1. Sellout crowds show how competitive NHRA Drag Racing is in 2022. Fans come to the track to see their heroes race and win, and in seasons like this, where so many racers are legitimately in the hunt to be the champion — that equates to a lot of fans coming out to NHRA drag races. It's simple math: Great competitors mean great racing, and great racing equates to audience enjoyment.
"Once again, our race fans in St. Louis and the Metro East delivered," said Chris Blair, World Wide Technology Raceway's executive vice president and general manager.
"As we've demonstrated time and again, they love NHRA Drag Racing as well as the other major events we host at World Wide Technology Raceway. This weekend is magical because it has 10 years of date equity, perfect weather, and thousands of loyal enthusiasts. World Wide Technology Raceway is the greatest comeback story in the history of sports venues for one reason: We have the best racing fans on the planet."
The St. Louis sellout on Saturday marks the seventh sellout crowd for the NHRA in 2022.
2. Nothing in Steve Torrence’s lane distracts him. Torrence says that’s because everything in his lane is something he's making choices and decisions about that he's in control of. During the race weekend in St. Louis (which may just be seen as the event where the Capco Top Fuel team took control of its 2022 season), Torrence made one of his best passes ever with a 3.65 run. Things look to be going well for the technical side of the car, and Torrence himself is newly focused on his driving to keep in step with the team.
So, when Torrence flickered the bulb 8-10 times in his race against Doug Kalitta, that didn’t shake him. But in the first round against Buddy Hull, when Hull’s light flickered a few times, that caught Torrence’s attention. Torrence explained it this way:
“In that three-second window, everything has to be blank, and you are reacting to a light. There's no thought process whatsoever. Cause when you think you’re late, you have to react, and that’s why they call it reaction time. It’s not a think-about-it-and-step-on-the-gas time. It’s a see-light-and-go time.”
3. Robert Hight’s aggressive race attitude comes down to a single philosophy: “You’re always on offense.” It’s exhausting, and it’s a stressful way to exist, but at this point in Robert Hight’s career and his 2022 season, Hight admits he can’t be racing defensively even if he’s the points leader. It gets tougher every weekend, especially at this point in the season. The last time he won in St. Louis, he blew up the car in the lights and won the race — but had to go to the hospital instead of the winner’s circle.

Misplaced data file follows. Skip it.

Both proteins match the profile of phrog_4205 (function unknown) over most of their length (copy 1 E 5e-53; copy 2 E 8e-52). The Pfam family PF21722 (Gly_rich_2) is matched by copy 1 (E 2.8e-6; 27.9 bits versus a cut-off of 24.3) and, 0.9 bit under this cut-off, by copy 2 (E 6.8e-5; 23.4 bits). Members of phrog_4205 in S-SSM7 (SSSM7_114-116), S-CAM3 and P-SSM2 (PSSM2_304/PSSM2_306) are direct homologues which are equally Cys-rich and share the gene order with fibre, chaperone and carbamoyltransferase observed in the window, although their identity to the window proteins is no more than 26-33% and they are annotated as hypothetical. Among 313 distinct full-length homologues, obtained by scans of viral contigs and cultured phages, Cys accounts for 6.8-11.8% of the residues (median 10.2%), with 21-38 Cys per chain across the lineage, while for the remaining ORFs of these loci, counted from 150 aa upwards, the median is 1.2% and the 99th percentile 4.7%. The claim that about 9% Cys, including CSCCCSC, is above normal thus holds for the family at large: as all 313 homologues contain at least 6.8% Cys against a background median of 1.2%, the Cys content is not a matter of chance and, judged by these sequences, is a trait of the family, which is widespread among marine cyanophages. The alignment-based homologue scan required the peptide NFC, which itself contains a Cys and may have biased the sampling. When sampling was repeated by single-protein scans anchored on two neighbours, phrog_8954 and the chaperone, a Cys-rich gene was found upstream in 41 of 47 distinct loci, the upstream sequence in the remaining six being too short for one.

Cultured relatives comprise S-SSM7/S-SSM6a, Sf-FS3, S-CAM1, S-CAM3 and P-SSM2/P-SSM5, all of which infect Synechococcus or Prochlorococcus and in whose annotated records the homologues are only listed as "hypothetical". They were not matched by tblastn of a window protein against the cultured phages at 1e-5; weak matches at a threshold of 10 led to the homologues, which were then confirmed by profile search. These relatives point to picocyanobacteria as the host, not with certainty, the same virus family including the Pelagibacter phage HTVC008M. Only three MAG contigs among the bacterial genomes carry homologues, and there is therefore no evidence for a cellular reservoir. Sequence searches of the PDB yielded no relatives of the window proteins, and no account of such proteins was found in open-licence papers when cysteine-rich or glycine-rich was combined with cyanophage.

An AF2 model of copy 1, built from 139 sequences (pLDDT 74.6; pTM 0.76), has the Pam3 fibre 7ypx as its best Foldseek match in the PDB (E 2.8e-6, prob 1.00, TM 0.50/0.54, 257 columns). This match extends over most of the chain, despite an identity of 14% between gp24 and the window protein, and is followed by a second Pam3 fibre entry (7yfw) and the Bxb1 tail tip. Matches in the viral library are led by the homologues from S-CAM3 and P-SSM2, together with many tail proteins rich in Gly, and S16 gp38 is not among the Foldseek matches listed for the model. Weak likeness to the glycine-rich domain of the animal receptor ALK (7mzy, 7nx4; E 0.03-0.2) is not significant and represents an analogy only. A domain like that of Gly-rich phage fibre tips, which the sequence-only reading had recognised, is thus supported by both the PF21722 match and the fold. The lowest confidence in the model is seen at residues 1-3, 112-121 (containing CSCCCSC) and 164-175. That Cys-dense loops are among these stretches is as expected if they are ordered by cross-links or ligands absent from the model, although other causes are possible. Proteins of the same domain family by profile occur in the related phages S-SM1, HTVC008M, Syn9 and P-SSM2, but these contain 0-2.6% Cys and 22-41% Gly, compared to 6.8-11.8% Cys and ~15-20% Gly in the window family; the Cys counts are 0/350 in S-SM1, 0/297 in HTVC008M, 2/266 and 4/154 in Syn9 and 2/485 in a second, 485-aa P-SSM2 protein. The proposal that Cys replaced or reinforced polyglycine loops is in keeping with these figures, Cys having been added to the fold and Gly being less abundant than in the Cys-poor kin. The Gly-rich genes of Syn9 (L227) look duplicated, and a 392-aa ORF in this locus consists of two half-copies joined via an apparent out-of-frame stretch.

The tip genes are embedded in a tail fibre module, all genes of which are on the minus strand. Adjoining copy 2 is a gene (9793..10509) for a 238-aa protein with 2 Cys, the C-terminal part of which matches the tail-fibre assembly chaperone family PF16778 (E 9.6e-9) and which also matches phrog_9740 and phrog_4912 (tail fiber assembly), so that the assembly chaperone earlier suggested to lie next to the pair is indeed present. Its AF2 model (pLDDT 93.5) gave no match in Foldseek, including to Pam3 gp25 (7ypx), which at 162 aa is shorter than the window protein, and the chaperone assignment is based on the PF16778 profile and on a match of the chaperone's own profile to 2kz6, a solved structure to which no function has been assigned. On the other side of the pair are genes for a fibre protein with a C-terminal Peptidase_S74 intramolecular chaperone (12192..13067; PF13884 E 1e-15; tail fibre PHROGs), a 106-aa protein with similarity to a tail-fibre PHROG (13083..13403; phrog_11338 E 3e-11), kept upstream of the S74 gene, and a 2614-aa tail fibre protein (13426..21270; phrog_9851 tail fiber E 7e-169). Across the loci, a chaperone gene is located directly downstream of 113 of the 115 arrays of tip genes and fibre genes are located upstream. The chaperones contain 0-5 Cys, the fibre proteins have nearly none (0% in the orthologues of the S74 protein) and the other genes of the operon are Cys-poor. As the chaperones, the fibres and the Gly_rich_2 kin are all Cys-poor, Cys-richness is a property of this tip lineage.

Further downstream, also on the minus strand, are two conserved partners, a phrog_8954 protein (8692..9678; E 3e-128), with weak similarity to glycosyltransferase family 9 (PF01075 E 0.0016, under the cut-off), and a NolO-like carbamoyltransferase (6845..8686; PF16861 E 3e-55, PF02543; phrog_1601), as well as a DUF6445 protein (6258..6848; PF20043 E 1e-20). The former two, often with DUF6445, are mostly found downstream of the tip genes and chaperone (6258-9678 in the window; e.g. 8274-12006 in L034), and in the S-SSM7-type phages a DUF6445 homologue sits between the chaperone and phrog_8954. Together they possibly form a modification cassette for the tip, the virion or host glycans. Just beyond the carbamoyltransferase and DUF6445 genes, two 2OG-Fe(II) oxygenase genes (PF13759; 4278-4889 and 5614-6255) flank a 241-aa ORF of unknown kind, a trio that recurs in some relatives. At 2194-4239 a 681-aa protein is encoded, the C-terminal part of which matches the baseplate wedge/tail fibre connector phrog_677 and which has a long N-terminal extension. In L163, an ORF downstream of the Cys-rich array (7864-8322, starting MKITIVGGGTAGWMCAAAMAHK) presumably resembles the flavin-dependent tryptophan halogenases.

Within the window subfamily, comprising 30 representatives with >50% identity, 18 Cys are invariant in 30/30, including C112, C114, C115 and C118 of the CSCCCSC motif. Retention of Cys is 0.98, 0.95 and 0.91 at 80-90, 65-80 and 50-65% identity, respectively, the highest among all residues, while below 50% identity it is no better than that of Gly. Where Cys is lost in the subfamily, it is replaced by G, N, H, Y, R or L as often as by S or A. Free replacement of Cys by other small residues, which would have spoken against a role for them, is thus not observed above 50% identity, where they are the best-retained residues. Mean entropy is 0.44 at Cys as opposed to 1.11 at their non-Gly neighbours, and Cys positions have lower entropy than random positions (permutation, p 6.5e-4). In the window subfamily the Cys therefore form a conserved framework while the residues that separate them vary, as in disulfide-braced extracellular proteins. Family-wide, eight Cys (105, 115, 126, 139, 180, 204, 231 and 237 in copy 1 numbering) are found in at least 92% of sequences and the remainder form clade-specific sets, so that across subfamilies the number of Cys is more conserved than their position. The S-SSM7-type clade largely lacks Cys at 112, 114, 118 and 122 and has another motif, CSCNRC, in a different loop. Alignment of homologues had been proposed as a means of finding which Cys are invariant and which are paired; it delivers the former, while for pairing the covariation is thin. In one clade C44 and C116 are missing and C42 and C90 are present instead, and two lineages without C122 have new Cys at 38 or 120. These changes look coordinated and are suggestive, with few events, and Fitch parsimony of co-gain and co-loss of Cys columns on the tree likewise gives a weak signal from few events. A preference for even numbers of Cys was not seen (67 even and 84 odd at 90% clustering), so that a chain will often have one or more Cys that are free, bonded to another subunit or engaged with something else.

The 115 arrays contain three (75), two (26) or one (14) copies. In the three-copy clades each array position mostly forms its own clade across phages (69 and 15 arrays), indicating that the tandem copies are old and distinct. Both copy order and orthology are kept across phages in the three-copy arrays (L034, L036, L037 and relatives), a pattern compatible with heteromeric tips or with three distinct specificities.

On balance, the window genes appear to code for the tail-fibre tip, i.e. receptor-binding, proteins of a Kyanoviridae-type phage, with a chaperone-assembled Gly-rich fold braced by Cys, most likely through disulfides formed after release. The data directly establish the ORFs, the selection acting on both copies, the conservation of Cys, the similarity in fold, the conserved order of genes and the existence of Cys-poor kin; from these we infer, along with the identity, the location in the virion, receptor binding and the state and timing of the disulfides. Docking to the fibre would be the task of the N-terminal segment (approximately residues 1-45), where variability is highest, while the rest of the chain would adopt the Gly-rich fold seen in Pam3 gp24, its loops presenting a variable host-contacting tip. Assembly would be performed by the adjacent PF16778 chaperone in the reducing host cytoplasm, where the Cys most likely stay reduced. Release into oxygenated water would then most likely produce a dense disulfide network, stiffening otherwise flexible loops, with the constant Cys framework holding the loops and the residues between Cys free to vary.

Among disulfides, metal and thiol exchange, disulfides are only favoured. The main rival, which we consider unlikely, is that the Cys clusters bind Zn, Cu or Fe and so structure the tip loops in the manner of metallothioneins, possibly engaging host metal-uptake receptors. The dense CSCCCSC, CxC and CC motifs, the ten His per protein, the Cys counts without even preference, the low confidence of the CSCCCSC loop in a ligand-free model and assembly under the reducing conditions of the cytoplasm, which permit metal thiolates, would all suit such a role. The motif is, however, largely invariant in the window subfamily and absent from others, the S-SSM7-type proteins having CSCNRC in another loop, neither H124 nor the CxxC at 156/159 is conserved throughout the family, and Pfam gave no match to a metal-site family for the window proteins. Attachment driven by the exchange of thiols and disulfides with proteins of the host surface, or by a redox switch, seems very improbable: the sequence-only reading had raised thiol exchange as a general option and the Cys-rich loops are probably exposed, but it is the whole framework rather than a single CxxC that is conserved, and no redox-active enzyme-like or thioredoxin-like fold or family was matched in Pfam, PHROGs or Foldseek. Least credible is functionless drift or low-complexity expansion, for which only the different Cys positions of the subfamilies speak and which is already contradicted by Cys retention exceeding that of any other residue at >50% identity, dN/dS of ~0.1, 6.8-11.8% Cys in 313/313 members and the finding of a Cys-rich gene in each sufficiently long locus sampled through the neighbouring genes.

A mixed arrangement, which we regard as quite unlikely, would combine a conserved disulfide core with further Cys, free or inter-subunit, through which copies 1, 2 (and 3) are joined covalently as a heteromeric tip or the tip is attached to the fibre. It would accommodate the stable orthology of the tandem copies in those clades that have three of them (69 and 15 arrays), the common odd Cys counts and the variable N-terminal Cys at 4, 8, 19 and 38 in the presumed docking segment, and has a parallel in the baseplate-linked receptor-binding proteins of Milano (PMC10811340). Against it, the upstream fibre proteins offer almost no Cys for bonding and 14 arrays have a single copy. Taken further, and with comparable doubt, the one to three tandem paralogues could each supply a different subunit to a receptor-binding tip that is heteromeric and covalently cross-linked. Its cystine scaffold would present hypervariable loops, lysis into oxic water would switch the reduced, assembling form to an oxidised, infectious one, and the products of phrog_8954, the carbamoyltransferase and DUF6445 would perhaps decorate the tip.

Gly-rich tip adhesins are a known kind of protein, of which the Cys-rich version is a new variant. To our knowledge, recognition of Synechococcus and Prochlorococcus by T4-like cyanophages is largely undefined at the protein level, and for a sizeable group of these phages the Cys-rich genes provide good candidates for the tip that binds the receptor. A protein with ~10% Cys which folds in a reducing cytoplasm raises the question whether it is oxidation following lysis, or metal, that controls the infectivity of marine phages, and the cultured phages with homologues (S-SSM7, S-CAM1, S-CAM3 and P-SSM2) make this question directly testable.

"The competition has never been tougher," said Hight. “At the begging of the Countdown, [the team] decided we’re going to give it all we’ve got,” and that's what they've done.
“Who knows if you’re ever going to be in the position to win a championship again,” said Hight,” these are pressure-cooker races.”
“We can’t get comfortable; we’ve got to stay focused. I wish we were racing this weekend.”
When asked about the last time he won St. Louis and then went on to win Dallas, Hight said, “Yeah, we need to repeat that, and if we do, it’s still not going to be time to get comfortable.”
4. For Erica Enders, success begets more success. Enders has won more professional races than anyone in St. Louis, and that means she has a ton of data there. When it comes to her favorite tracks, wherever they’ve been successful, they are successful again. And this was Ender’s sixth win in St. Louis.
“Everything changes in St. Louis,” said Enders. She was nervous/excited coming into the race, and she didn’t want this one to slip through her fingers.
She has confidence going into the last three tracks. “They are definitely our tracks,” said Enders.
“For whatever reason, this has been a tremendous year for the Melling Performance team. We race to win. We don’t play defense.”
5. Matt Smith has his program dialed. He's working with two different bike architectures and three different riders, and he's still improving his career e.t.s and pulling out winning reaction times when he needs to. Smith went 6.70 in St. Louis — his quickest e.t. ever — and he thought the weather might have allowed for a 6.60.
It's not that it's easy at this point in the Pro Stock Motorcycle season for Smith; it's that he's prepared for the adversity. “Little parts failures will bite you,” said Smith, “It almost got me again in the semifinals when the transmission messed up, but luckily, we had enough time to swap transmissions.”
To beat Smith in 2022, competitors will need to be luckier than Smith or more prepared than he is. And right now, Smith looks like a person who has been preparing for this Countdown for his whole life.